There are no standard treatment options for women with metastatic breast cancer who suffer a failure within a previously irradiated spinal site. CyberKnife radiosurgery is technically an effective option for these women, but because of the intolerance of the surrounding normal structures, such as the spinal cord, esophagus, and bowel to reirradiation, there are no ideal comparison groups to use for assessment of outcomes. We compared a series of women with recurrent spinal metastases after radiation with a matched cohort treated with standard radiation techniques up-front for spinal metastases. We believe that establishing equivalence with this group would demonstrate the efficacy of this treatment, particularly as the matched group is unmatched in an important prognostic factor—failure of prior radiation treatment—and would be expected to perform better than the group treated by the CyberKnife.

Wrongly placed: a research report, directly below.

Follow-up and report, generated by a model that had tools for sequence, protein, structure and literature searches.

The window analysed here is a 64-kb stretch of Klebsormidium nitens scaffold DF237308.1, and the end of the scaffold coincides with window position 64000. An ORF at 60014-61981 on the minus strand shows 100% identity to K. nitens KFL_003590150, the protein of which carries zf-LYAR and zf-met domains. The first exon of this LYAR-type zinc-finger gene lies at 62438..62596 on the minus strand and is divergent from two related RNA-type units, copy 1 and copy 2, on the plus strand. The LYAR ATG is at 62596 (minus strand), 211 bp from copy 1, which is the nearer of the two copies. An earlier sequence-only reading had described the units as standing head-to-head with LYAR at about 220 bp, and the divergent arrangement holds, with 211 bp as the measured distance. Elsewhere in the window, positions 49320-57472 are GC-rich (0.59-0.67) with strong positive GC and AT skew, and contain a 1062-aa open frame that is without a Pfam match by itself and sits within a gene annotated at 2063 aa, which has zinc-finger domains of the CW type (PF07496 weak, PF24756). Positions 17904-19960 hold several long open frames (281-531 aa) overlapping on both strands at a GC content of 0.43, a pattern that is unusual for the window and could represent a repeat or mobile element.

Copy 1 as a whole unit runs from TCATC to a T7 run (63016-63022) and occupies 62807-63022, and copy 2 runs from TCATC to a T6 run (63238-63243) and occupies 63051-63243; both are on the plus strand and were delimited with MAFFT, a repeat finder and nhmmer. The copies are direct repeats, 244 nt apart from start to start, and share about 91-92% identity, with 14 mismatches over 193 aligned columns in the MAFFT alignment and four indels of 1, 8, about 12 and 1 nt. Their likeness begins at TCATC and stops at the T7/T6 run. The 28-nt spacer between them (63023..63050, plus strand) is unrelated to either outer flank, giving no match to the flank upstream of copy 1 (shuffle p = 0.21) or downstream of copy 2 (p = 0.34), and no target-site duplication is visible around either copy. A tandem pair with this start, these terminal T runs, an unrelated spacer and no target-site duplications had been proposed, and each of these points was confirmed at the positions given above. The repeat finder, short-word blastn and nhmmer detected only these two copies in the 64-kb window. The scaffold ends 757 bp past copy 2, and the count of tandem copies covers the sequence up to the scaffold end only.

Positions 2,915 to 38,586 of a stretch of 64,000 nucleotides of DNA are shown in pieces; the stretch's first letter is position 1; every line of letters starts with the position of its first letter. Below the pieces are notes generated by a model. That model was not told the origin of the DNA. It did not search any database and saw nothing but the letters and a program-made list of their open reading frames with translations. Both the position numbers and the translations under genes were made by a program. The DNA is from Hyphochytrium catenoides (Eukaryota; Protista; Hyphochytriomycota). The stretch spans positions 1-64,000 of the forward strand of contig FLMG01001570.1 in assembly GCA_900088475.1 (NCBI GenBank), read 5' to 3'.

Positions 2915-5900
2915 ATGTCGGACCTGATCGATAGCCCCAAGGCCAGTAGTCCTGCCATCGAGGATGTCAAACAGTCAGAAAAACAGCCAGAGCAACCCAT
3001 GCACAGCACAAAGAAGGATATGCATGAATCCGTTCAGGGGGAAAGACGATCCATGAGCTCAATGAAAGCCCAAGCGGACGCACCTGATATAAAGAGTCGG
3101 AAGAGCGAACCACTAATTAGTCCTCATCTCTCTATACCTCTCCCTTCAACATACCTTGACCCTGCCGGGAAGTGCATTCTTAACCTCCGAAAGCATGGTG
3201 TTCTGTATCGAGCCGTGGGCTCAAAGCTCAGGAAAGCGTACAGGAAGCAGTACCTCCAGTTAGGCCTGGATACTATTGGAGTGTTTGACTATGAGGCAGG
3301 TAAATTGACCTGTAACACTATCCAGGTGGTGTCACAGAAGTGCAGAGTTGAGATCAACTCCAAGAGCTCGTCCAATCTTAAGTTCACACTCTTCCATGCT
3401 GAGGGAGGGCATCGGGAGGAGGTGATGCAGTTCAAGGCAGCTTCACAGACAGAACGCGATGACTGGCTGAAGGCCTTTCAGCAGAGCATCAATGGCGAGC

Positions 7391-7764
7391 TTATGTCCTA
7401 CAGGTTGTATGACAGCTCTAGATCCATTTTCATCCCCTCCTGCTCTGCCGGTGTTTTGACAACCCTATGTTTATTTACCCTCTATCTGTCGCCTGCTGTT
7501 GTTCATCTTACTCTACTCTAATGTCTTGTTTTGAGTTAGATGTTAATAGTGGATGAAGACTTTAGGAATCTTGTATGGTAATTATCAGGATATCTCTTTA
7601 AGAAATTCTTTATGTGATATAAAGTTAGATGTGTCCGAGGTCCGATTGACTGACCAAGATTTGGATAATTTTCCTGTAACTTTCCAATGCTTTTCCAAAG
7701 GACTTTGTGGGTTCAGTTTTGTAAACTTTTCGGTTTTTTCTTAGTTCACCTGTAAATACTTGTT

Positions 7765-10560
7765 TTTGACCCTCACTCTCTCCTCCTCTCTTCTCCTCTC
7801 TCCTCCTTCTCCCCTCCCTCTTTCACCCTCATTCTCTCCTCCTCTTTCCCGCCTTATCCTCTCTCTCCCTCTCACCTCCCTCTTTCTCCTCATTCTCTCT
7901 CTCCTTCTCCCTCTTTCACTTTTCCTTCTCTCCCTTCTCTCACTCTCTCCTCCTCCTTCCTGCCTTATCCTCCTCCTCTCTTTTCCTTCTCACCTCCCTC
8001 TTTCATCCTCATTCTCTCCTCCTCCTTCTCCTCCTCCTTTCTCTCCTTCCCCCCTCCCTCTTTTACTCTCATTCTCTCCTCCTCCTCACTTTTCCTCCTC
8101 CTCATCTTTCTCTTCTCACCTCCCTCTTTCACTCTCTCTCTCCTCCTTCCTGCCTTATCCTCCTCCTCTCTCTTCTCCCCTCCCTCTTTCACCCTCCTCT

Although not well reported in the literature, there is a general concern that tumors that have failed prior radiation treatment are more resistant to subsequent courses of radiation. To our knowledge this has not been reported for breast cancer, although there are in vitro data from cell lines derived from human cancers that show increased radioresistance in recurrent tumors compared with nonrecurrent tumors.39 Second, although there are also little supporting published data, there is the possibility that women who have failed prior courses of radiation might be in later stages of their disease process, and more likely to succumb to their disease than those whose disease is controlled. It is clearly possible that the CyberKnife group represented a group with a poorer prognosis, and this would dilute any statistical benefit.
The breast cancer patients treated with CRT were matched with CyberKnife patients on the basis of time interval from initial diagnosis to metastasis,32 bone versus visceral metastases,33 prior radiotherapy to the primary region,34 prior chemotherapy, and ER/PR status. Other prognostic factors, such as performance status,34 were not matched but were equally distributed between groups. There was equivalence between these regimens with respect to palliative and survival endpoints, although KPS was improved in the short course for CyberKnife patients.